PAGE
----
"The basic result we found is that if you also have a papillomavirus test [in addition to traditional pap smears], you will have a protection against severe lesions the next time you are screened," said lead study author Dr. Joakim Dillner, professor of virology at Lund University in Sweden. "Your risk will be reduced by half the next time."
In addition, the HPV test is sensitive enough that women may be able to go several years between screening appointments.
"We have data from other studies that the protection from a negative HPV test for three to five years is probably about the same as a negative pap smear for one year," added Mayrand. "I am confident that the interval will be able to be lengthened to three or maybe even five years."
However, DNA testing for HPV was found to have a slightly worse specificity than Pap smears. While the Pap tests only gave false positives 3 percent of the time, the DNA tests yielded a 6 percent false positive rate.
The concern is the additional false positives could force more women to have further medical workup or procedures.
In an accompanying editorial in the New England Journal of Medicine, Dr. Carolyn Runowicz, director of the Neag Comprehensive Cancer Center at the University of Connecticut in Farmington, pointed out, "Improving sensitivity will, by definition, increase the number of false positives and sacrifice specificity."
Mayrand admitted that the DNA test followed this pattern as well. "For any test, specificity and sensitivity go together -- but inversely," she said. "The more sensitive, the less specific."
But she added that the trade-off may be more positive than negative for the women involved.
"The thing that's really interesting is that we found a large gain in sensitivity -- about 40 percent, but only a small drop in specificity -- only 3 percent," she said. "But it is a shortcoming -- we'd all like a perfect test."
Before women begin inundating their doctors with questions about the DNA test for HPV, it is important to note that it is not designed to be used by itself for women under 30 -- a time when many women will have asymptomatic infection with HPV.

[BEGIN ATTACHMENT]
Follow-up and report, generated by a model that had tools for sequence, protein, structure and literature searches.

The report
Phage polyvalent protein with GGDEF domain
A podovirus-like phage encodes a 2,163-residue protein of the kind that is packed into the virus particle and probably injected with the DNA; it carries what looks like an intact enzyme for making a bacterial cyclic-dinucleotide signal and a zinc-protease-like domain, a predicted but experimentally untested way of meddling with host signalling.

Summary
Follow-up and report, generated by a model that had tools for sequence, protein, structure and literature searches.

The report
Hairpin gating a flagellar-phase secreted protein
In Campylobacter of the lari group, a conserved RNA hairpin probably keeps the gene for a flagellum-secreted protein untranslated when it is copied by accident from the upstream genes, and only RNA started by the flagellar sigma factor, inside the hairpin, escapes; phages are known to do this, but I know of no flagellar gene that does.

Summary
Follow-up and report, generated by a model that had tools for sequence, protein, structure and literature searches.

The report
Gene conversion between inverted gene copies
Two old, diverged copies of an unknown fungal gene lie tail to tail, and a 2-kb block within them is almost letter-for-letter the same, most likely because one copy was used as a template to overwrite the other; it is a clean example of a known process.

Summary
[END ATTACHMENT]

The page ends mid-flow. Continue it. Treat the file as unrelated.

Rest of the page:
"In women under 30, HPV infections are frequent," said Mayrand. "Most acquire HPV in the first few years after their sexual debut. But most of those infections will clear on their own and go away. We are happy to not pick those up."
But Dillner thinks that eventually, HPV testing could replace Pap smear testing -- at least for women over 30.
"I think that having HPV as screening instead of Pap is quite likely to happen eventually," Dillner said. "It will be unlikely we screen with just HPV below 30 years of age, but from 35 years and up it is highly likely that we will see at least some countries using HPV screening -- and at quite long intervals."
Maynard agreed. "I would say that in a few years she'll probably be able to have a better test less often; that's the key message," she said. "Instead of a mediocre test every year, let's have a great test every five years."
And patient Curlutu agreed that such a change would be a welcome one.
"It might be nice to go longer between visits," she said. "And given the tradeoff, I think I would like to have the test done -- even if it picks up on something that might not be serious ... I'd rather be safe than sorry."